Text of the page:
Written 43 years after Mary Wollstonecraft wrote ‘Vindication of the Rights of Woman,’ and a decade before the Seneca Falls Convention, this essay provides a very different perspective on the power, and status of women of the time.
In the oppressive culture of Iran, women are mere property to be used and thrown away by their husbands like trash. Or so the English-speaking media tells you regularly. Iranian correspondent Ali Mehraspand has a different story to tell that you won’t read anywhere else.
The feminist chant for men to ‘check their privilege’ is one we are all familiar with. Ayami Tyndal notices an unspoken implication in that little phrase that might provide an “Aha” moment for readers.
In 1911 it became permissible for women to file for alimony even decades following their divorce. It was a year that produced remarkable cases of profligate alimony princesses, whose insatiable passion for luxury made international news. The exploits of two women offer us an illuminating insight into this gynocentric tradition.
During the early decades of the 20th century in the United States , and other countries, such as France, it was well-known that women were not subject to the same accountability in cases of homicide in which the victim was male as members of the opposite sex were. The only difference is today we don’t acknowledge it, even though it continues.
Welcome to the disruptive world of facts, the world of Gonzo History. Today, Robert St. Estephe dedicates his work to dedicated to R. Tod Kelly, Alyssa Pry, Alexia Valiente and Elizabeth Vargas, the group of mainstream journalists who managed to miss the point entirely of the Men’s Human Rights Movement, all without a lot of help.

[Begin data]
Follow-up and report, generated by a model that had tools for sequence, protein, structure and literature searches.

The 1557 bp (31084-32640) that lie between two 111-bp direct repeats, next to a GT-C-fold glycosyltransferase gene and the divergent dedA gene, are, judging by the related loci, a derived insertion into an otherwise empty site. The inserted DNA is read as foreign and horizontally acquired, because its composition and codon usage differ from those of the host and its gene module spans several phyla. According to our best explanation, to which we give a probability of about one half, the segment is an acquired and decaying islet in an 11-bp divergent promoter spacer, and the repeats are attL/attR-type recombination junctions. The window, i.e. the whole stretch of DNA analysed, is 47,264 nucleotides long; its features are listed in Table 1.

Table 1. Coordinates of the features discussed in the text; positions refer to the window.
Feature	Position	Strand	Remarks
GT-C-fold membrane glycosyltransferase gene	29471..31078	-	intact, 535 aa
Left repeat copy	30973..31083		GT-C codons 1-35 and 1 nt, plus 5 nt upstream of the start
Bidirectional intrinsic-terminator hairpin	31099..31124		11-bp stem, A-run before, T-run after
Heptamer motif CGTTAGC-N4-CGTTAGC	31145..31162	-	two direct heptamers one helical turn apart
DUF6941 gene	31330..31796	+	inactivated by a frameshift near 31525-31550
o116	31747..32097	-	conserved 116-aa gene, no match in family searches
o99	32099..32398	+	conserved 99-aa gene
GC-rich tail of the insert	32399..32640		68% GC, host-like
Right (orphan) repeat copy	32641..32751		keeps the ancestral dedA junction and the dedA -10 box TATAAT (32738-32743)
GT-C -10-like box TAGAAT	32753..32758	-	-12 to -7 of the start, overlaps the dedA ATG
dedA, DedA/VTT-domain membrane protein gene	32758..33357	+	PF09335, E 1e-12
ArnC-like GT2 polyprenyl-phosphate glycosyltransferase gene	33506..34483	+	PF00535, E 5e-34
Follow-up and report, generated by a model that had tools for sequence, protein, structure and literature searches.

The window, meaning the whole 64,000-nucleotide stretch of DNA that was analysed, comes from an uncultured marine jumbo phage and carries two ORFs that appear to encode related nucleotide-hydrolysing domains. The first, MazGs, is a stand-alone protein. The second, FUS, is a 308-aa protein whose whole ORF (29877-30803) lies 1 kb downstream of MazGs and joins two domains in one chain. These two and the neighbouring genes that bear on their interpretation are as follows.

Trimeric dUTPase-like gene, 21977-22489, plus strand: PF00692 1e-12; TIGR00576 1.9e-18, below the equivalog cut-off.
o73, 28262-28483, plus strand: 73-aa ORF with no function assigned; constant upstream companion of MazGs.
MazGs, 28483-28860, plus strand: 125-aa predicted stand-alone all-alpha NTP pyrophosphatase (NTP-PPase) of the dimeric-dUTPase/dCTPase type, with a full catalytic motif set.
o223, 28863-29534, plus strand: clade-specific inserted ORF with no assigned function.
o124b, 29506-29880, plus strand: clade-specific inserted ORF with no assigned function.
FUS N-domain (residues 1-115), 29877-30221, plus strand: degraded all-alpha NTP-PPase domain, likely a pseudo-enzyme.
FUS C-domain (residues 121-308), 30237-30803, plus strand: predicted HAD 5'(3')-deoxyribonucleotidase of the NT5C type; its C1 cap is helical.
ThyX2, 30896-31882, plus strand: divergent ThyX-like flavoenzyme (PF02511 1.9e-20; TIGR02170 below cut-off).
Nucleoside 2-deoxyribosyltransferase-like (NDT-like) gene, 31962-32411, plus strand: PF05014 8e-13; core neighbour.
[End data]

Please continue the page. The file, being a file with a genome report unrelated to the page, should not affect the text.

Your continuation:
Why should a man marry a woman who can kill him without consequence? Robert St. Estephe finds an extraordinary case that illuminates several MHR issues – and with Clarence Darrow defending the murderess.
The gynocentrism of America: dominated by women, and supported through the brutal, endless labors of men, was noted by none other than Dr. Albert Einstein. Another extraordinary find by Robert St. Estephe.
Men stuck in debtors’ prisons for failure to pay either alimony or their wives’ debts sometimes found a way out by putting their lives at risk on the battlefield. Robert St. Estephe reports from the trenches.
Gonzo Historian, Robert St. Estephe, returns with yet another lesson in the Unknown History of Misandry. This is the history they don’t teach in schools or gender studies classes, folks. It’s the stuff that’s been expelled from the official record and it’s here for your edification. Today’s piece is on the Advice columnist Dorothy Dix and her advice to women that they are “killing the goose that laid the golden egg.”
Gonzo Historian Robert St. Estephe, author of the indispensible “Unknown History of Misandry” weblog, returns with another entry on the history of violence committed by women, and society’s tendency to excuse it and even make allowances. This one will really make your head spin: a 1922 proposal to just make it legal for women to kill.